Seagate, which makes computer hard drives, has turned around its business, and we believe the period of lagging far behind Western Digital is ending. At present, Seagate still does not possess the lean operating cost structure of its rival. However, we are optimistic the self-inflicted wounds that have characterized the last few years are in the rearview mirror. The biggest reason is Seagate finally rid itself of bumbling CEO Bob Watkins. Back for a second tenure, Stephen Luzco has ended the poor execution of the Watkins era and has forced the company to correct its shortcomings: poor execution of product rollouts and a bloated cost structure. Seagate has made great strides since, and further improvement is achievable. We feel Western Digital remains the better run company, but expect the performance gap between the two will continue to narrow during the coming years.
Star Rating: 4 stars
Dividend Yield: 6.9%
AT&T's exclusive arrangement to sell Apple's AAPL iPhone has been a huge benefit, significantly raising both AT&T's wireless market share and average revenue per customer. While we'd prefer to see AT&T build its business upon things that it can control-- customer service and network quality, for example--we don't believe that the loss of exclusivity will dramatically alter the firm's competitive position. The scale and resources that AT&T and Verizon Wireless enjoy is unmatched in the U.S., and we expect these firms will have a leg up in meeting customers' wireless demands in the future. We aren't as enamored with AT&T's consumer fixed-line unit, but this business constitutes only 17% of revenue, and is shrinking. Also, AT&T's decision to invest relatively lightly in the consumer business looks like the right choice at this point. AT&T's enterprise services unit is a solid competitor, and should benefit as the economy rebounds.
Star Rating: 4 stars
Dividend Yield: 7.6%
Telefonica remains the dominant phone company in Spain. Its very large market share in fixed-line and mobile telephony as well as broadband allows it to generate one of the highest EBITDA margins in Europe. Telefonica's early push into Latin America has provided the firm with significant growth over the past decade and a half, which has enabled it to become the third largest telephone company in the world by number of subscribers. While the huge growth rates of the past are gone, Latin America should still allow the firm to grow faster than most of its Europe-based peers.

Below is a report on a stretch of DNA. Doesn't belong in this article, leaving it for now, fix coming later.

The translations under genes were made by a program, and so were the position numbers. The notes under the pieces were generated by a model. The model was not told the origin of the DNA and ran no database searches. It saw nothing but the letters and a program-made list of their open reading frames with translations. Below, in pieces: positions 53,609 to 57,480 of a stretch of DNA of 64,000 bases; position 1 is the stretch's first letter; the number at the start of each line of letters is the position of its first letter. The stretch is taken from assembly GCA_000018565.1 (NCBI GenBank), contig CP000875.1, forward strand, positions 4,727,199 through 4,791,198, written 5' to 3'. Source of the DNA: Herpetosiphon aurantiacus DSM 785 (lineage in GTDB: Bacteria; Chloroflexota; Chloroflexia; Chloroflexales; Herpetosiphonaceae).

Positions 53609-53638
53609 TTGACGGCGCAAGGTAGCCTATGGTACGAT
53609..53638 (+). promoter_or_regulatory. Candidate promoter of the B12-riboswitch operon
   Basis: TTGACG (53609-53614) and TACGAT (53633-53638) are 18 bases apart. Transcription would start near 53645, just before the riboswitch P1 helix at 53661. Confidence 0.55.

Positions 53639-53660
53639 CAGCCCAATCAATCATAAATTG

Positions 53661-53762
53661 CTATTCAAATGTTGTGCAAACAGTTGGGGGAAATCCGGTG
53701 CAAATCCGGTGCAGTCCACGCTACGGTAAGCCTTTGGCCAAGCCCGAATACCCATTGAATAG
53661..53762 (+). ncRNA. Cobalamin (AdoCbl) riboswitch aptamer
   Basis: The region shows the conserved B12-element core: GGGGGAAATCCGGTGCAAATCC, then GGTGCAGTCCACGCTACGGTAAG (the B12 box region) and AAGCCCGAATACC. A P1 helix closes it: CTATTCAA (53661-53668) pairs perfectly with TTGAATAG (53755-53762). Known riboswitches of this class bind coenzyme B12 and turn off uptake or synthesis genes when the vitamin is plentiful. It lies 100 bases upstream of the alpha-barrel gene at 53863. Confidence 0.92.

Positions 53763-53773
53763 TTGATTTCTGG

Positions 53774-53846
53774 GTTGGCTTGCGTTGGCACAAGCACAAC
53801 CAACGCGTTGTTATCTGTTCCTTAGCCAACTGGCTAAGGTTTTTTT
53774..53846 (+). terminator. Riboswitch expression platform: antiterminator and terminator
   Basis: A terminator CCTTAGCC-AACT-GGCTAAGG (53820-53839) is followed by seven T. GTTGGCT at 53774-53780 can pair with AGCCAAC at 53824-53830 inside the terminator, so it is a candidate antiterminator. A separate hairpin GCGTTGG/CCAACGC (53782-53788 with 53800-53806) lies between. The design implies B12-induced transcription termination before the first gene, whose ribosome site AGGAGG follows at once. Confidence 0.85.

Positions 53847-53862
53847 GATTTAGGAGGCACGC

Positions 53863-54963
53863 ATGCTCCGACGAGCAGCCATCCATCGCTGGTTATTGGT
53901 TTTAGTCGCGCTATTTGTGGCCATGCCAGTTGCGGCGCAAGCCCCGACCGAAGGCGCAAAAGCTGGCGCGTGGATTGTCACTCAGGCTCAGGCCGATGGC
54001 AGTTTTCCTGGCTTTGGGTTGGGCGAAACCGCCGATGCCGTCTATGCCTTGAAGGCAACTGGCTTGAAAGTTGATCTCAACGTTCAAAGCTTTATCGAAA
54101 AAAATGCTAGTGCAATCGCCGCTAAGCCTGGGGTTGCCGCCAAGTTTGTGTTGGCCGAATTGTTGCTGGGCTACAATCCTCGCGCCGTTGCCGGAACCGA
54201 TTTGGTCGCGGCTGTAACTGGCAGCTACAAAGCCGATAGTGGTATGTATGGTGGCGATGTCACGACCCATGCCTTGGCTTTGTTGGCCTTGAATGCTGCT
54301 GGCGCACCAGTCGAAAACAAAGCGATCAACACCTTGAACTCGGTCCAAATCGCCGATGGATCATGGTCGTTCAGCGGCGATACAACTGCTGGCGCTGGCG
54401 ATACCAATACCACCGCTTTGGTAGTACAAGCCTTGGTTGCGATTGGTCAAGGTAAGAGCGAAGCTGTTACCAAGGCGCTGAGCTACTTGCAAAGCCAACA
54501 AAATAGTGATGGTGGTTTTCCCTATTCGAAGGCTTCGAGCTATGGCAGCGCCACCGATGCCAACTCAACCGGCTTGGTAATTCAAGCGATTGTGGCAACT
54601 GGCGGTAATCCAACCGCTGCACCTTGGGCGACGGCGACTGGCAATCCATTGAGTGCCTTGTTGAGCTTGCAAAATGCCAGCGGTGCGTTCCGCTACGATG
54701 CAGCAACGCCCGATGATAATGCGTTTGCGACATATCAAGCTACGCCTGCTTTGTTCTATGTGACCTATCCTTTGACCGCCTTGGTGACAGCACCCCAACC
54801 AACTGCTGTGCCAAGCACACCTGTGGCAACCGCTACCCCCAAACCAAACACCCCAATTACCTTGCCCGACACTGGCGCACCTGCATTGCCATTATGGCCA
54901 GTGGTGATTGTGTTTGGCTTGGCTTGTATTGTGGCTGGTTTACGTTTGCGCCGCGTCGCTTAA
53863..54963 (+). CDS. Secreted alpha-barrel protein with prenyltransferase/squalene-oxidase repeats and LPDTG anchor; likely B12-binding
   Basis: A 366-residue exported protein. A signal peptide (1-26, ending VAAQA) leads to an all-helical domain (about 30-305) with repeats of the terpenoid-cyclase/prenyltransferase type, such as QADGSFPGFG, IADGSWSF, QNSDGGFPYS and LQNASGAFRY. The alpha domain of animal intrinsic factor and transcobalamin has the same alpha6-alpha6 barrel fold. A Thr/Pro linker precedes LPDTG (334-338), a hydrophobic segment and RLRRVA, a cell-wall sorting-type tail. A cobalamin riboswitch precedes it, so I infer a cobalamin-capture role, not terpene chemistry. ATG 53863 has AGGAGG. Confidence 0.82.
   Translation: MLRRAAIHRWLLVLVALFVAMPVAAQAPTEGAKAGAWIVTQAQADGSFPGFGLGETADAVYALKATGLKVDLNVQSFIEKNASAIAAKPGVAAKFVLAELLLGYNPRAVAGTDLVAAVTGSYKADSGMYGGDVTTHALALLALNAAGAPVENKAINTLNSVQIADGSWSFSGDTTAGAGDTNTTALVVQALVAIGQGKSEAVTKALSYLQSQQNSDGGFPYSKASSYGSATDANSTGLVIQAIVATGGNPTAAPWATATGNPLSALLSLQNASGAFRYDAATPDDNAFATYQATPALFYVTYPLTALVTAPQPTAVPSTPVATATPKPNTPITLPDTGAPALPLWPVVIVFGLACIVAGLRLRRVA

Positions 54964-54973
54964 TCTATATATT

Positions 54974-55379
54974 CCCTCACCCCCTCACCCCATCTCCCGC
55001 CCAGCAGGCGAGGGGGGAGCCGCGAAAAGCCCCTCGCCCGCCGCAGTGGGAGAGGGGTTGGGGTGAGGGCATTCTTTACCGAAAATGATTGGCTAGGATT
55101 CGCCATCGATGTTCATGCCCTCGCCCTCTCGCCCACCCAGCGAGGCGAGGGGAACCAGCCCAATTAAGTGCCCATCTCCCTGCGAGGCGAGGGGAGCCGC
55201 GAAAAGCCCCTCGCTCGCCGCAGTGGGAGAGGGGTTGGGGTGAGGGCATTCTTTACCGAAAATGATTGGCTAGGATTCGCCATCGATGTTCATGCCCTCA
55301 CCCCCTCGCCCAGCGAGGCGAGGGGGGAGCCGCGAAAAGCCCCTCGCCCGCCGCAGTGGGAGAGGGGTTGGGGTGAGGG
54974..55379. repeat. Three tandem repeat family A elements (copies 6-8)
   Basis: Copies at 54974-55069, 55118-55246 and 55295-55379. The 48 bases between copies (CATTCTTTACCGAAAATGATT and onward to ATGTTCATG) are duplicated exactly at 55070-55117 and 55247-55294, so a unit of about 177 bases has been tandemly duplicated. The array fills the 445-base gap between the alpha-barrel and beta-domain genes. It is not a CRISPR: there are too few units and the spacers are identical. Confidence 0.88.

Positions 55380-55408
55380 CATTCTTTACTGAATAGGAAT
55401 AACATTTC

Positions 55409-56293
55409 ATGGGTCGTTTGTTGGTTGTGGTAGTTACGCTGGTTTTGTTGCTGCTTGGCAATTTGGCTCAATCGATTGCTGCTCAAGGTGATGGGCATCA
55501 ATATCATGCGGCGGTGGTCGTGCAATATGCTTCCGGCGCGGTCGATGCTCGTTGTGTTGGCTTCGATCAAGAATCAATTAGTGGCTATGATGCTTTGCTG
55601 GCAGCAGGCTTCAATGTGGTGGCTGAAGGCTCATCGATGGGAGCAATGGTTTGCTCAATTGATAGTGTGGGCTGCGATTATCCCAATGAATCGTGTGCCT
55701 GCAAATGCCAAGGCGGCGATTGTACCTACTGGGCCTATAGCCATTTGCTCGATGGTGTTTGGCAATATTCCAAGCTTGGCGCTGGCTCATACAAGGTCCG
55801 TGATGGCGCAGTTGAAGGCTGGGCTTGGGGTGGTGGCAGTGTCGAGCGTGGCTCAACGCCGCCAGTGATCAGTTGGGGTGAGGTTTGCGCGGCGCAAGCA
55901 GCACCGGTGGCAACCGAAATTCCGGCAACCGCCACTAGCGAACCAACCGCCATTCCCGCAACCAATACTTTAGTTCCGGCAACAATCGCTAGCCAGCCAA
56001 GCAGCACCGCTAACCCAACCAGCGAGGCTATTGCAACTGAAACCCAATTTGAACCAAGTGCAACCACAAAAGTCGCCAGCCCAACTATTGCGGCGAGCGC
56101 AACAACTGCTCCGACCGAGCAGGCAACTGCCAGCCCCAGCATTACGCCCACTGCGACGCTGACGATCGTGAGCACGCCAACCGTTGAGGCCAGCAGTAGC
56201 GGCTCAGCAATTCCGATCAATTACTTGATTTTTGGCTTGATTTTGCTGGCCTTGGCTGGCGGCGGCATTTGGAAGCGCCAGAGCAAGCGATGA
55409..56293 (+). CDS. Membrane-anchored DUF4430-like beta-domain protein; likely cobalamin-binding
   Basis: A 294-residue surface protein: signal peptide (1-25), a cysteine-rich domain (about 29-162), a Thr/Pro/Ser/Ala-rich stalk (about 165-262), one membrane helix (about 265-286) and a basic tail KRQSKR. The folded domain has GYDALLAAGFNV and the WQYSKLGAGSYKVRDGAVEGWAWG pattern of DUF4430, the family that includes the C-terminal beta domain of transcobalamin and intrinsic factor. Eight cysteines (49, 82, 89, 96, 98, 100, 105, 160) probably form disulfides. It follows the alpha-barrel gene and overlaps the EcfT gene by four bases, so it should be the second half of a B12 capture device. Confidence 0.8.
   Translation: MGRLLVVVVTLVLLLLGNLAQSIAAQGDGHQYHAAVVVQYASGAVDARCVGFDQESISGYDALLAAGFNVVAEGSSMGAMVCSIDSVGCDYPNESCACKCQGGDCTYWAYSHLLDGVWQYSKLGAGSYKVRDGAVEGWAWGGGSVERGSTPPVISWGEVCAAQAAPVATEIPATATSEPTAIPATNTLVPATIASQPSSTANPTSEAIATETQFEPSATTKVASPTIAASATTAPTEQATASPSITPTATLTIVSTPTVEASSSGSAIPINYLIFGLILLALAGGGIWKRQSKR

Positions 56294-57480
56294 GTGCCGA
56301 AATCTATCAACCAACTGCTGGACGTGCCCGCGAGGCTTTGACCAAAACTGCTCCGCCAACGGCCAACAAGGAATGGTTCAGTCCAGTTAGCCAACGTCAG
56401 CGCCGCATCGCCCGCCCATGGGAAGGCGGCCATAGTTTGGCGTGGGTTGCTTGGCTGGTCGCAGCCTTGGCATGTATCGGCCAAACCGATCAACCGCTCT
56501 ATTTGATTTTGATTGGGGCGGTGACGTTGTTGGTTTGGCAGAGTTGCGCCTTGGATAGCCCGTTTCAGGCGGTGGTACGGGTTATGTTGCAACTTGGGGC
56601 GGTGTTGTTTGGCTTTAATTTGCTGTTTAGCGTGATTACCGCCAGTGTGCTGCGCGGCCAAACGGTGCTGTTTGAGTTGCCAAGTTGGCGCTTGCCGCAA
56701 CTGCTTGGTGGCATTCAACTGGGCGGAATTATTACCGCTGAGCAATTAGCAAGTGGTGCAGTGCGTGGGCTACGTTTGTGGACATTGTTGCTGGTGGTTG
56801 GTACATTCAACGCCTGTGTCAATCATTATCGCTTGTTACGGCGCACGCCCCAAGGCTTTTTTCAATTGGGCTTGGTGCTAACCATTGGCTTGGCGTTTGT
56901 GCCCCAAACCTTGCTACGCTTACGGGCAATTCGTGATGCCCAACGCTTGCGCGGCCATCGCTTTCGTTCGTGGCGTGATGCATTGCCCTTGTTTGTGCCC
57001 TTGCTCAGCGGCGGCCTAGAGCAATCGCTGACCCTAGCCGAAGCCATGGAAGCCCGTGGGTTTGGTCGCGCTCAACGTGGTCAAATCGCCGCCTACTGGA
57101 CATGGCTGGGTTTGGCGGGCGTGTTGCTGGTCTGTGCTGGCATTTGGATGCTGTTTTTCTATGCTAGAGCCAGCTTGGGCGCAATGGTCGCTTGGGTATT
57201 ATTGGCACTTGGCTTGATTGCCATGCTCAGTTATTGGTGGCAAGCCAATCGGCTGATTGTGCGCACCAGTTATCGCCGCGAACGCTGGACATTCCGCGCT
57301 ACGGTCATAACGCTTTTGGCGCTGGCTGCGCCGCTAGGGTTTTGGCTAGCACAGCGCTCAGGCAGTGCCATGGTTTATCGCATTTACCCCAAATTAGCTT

Star Rating: 5 stars
Dividend Yield: 4.8%
Supervalu is not a company without operational risks--the firm started on less advantageous footing and is playing catch-up to some of its supermarket peers. We think competitive pressures and a deflationary environment should remain significant headwinds until the back half of 2010 or the beginning of 2011. However, we do believe that the market is sufficiently pricing in a bad scenario: The stock is currently trading at around 7 times fiscal 2011 earnings and 2 times cash flow.
The company is finishing a three-year restructuring program to integrate the old Albertsons stores, which we believe can help the firm make incremental improvements. Supervalu has lowered prices and boosted its private- label efforts, moves that we believe should help it keep share. We also have a more favorable view on the hard-discount Save-A-Lot stores, which stand to benefit in the weak environment.
Haywood Kelly, CFA, is vice president of equity research at Morningstar.